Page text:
Sometimes it’s not the headline that should cause concern, but the text. Lately I have been doing quite a bit of research in the area of Cyber Influence. So when I saw an article “New research generates deepfake video from a single picture” (see: http://bit.ly/2WAlyse, which is also a photo source), I was naturally intrigued.
Apparently, it is relatively easy to create a fake video of a subject when there is a great deal of footage of that subjects. This is the case of “creepy video amalgams of Donald Trump and Nick Cage”(see: http://bit.ly/2JK3wxN, another photo source)
This technique would seem to work most of the time from a PSYOP perspective since government leaders are often a subject and in the case of ‘generic’ images, file photos or other widely available material would be a good source.
However, this particular article concerns a technique that the Samsung AI research team (more about this in a moment) called “one-shot learning. In essence faces have key features or landmarks which the software “can then use as anchors when creating deepfake videos of new targets”. If you are a real geek and are interested in the details, you can check out their paper “Few-Shot Adversarial Learning of Realistic Neural Talking Head Models” at http://bit.ly/2I45OEI, another photo source.
Talk of technology is all well and good and should be noted and understood. However, what I found to be the most interesting aspect of the article was the note in passing “Samsung Research’s Moscow-based AI lab”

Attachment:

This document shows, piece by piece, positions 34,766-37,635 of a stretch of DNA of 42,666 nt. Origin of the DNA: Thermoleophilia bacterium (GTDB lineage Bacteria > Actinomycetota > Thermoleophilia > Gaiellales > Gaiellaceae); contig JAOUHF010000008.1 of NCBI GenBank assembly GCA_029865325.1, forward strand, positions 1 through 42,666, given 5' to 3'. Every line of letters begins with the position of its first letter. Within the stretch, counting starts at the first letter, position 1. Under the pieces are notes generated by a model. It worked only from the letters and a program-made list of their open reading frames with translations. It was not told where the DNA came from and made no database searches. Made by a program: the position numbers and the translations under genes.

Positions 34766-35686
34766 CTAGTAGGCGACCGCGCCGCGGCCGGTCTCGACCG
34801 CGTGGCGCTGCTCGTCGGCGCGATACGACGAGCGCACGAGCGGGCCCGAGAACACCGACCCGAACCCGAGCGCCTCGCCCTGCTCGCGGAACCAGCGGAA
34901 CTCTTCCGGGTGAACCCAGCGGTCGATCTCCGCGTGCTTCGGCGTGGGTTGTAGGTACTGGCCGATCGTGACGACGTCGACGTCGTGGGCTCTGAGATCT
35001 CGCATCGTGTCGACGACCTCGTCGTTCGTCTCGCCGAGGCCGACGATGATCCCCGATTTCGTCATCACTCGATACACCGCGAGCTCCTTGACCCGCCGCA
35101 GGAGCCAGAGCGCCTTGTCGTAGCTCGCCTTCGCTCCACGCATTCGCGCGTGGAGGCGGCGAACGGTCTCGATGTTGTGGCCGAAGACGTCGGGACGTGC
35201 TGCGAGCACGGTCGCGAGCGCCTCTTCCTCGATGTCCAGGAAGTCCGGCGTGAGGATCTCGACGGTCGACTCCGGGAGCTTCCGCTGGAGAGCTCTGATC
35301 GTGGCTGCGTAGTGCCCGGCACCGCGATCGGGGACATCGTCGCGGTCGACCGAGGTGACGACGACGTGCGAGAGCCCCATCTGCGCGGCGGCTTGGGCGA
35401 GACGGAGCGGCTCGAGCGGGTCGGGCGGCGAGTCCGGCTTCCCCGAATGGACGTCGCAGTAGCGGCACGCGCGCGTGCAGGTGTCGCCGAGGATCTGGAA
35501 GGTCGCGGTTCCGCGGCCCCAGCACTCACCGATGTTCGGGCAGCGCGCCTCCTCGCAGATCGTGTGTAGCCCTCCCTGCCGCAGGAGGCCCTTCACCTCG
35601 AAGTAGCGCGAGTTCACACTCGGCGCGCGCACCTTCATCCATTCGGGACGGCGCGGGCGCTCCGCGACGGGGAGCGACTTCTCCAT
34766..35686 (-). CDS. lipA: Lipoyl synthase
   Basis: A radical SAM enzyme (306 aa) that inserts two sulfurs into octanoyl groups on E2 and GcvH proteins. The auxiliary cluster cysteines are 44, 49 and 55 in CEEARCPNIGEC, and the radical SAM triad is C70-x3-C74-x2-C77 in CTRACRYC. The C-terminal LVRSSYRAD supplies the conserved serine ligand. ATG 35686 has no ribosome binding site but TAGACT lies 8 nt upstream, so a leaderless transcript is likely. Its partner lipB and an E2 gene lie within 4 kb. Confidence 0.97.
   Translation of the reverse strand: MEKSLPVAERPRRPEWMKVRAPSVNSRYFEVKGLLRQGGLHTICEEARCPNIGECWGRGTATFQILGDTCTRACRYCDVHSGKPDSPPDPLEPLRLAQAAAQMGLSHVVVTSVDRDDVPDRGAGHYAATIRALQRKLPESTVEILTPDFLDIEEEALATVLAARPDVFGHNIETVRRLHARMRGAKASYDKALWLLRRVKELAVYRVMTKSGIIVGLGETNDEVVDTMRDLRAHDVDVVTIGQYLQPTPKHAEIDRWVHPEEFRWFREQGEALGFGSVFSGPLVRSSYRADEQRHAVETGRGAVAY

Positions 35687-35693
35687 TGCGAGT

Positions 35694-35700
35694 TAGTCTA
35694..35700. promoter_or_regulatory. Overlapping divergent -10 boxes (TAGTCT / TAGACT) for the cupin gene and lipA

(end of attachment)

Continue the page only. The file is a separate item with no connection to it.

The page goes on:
Samsung of course is a Korean chaebol or family-controlled companies. You can learn more about “Money, Power and Family” in a NY Times Feb. 17, 2017 article which you can find at: https://nyti.ms/2YSHFrr (another photo source).
As a Brooklyn born, former Military Intelligence Officer who is also an attorney, I’m a bit skeptical by nature, so it struck me as rather interesting that the team publicly exploring and reporting on this kind of research is based in a nation state (Russia) that is well known for using cyber influence to impact other nations in a variety of ways.
If this is their public information, one wonders what is being held back. There is also the ever-present money motivation of global for profit organizations – will they sell their technology to anyone? Is that appropriate given the intended use? Looks Cyber Influence is the digital wild west out there.
Reader comments also invited.